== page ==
• Samba 65 00% 56.65%
    Joga2002 635.254 50% 63.63%
    Bra52 69 23.145% -63.25%
    Joga2002 635.254 50% 63.63%
  • HangSang20 370 400% -20%
    NasDaq4 33 00% 36%
    S&P5002 60 50% 10%
    HangSang20 370 400% -20%
    Dow17 56.23 41.89% -2.635%

EghtesadOnline: Net earnings of eight Iranian state-owned banks and the Central Bank of Iran has been forecast at 2,314.28 trillion rials ($7.8 billion) in the March 2022-23 draft budget.

This is 25% higher on the 1,840 trillion rials ($6.3b) in the present fiscal year, according to a report by the news agency of the Monetary and Banking Research Institute, IBENA.

Lenders have been divided into two categories based on their financial health. The revenue forecast is 903.5 trillion rials ($3.1b) for seven banks that are either making profit or at least break-even.

This group includes Bank Keshavarzi (AgriBank), Bank of Industry and Mine, Export Development Bank of Iran, Post Bank of Iran, Tose'e Ta'avon Bank (Cooperatives Development Bank) and Bank Maskan – the main housing lender.

Bank Melli Iran and Bank Sepah are the two main state-owned lenders that have reported losses in their recent financial statements. As per the provisions of the next budget, these two are projected to generate 1,410 trillion rials ($4.8b).

President Ebrahim Raisi submitted the next budget to the parliament on Sunday. The operating budget (including revenues mainly from tax and export) is 13,720 trillion rials ($47b).



Income-Expenditure Mismatch

According to budget bill, banks’ expenses will outstrip income. Total expenses are projected to hover around 2,650 trillion rials ($9.13b) compared to 2,179 trillion rials ($7.5b) this fiscal year.

Despite the CBI’s concerted efforts to improve the balance sheets of banks, the gap between their income and expenses is expected to worsen next year.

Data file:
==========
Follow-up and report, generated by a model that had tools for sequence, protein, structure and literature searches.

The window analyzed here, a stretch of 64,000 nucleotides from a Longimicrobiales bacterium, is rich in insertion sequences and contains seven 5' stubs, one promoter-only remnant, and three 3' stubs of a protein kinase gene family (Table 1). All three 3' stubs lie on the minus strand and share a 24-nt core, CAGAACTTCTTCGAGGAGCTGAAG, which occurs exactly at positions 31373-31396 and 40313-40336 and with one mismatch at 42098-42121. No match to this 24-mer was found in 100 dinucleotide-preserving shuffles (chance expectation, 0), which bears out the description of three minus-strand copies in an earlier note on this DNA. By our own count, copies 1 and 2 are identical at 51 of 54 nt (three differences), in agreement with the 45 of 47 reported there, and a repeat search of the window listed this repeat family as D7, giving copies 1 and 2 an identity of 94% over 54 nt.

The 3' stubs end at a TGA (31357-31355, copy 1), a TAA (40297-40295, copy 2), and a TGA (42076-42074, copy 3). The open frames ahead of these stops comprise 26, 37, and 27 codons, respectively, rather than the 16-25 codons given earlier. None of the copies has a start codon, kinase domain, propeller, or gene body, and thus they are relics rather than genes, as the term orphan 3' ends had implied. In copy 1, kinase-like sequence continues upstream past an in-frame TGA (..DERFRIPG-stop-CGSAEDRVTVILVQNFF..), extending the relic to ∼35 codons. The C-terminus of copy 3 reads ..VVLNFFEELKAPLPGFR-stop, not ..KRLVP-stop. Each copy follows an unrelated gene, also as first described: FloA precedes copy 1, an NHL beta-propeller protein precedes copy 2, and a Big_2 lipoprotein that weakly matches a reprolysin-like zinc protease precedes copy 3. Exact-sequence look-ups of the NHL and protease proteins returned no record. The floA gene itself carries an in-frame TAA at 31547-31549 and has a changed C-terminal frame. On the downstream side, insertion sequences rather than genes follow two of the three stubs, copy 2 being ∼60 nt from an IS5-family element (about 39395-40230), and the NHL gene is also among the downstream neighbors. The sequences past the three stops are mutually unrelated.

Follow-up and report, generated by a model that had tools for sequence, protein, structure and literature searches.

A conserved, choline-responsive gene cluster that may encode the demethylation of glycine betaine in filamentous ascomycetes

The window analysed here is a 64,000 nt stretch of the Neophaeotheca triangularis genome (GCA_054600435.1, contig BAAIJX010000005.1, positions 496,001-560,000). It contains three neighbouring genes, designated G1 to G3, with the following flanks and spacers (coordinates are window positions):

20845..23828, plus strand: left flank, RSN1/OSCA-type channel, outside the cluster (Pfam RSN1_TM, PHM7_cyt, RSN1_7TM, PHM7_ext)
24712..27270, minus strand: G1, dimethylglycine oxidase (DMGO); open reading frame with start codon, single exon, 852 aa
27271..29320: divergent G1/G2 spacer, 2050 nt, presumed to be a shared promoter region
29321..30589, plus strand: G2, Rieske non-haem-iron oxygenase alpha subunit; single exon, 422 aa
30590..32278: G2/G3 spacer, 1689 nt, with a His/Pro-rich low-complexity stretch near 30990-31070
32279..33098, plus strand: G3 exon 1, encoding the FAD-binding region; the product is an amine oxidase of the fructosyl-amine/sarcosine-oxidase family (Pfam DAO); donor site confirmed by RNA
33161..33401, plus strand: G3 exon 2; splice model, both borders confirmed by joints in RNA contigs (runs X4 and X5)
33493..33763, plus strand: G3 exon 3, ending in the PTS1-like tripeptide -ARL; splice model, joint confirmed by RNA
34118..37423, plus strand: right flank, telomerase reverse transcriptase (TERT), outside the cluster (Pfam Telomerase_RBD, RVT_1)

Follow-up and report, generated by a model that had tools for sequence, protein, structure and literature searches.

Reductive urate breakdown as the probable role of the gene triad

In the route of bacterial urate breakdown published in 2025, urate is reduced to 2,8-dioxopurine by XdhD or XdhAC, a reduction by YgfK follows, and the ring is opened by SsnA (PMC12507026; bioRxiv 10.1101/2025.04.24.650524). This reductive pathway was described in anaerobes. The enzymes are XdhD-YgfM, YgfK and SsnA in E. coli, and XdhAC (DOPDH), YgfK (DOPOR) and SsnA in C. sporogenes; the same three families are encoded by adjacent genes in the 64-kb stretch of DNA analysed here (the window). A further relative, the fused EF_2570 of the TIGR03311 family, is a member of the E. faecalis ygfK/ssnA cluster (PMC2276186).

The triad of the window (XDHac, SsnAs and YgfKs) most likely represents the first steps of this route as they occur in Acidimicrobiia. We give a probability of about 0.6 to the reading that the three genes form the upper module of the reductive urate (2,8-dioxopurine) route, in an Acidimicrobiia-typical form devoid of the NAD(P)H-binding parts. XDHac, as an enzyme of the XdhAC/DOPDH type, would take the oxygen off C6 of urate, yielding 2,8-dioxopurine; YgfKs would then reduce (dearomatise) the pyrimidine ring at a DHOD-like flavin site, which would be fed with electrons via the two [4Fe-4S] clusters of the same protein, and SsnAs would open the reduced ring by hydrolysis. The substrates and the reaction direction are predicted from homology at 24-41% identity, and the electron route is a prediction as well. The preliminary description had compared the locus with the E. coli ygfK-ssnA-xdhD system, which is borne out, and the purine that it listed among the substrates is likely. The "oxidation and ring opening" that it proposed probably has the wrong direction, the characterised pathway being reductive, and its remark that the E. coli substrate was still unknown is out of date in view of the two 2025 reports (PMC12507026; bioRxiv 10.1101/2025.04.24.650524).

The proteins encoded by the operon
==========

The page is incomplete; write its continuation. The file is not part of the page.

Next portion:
In September Bank Melli Iran published its first financial reported, which revealed some staggering numbers about its performance.

It reported 675.23 trillion rials ($2.3b) in accumulated losses in the previous fiscal year (March 2020-21), which was almost 73% of its capital effectively making it a candidate for bankruptcy.

Financial statements of other lenders show that the majority are struggling with capital adequacy ratios (CARs) well below global financial standards.

Among the state-run banks, the BMI and EDBI are the only two that have acceptable capital adequacies.

BMI has reported CAR at 10.24%, Bank Keshavarzi (Agro-bank)  1.47% and EDBI 12.5%.  The CARs of Bank Maskan and Bank Sepah were negative at -1.5 and -5.75%, respectively.

Also known as capital-to-risk weighted assets ratio (CRAR), CAR is used to protect depositors and promote the stability and efficiency of financial systems.  It is calculated by dividing a bank's capital by its risk-weighted assets.

Minimum capital adequacy ratios are critical in ensuring that banks have enough cushion to absorb a reasonable amount of losses before they become insolvent and consequently lose depositors’ funds.


Budget Banks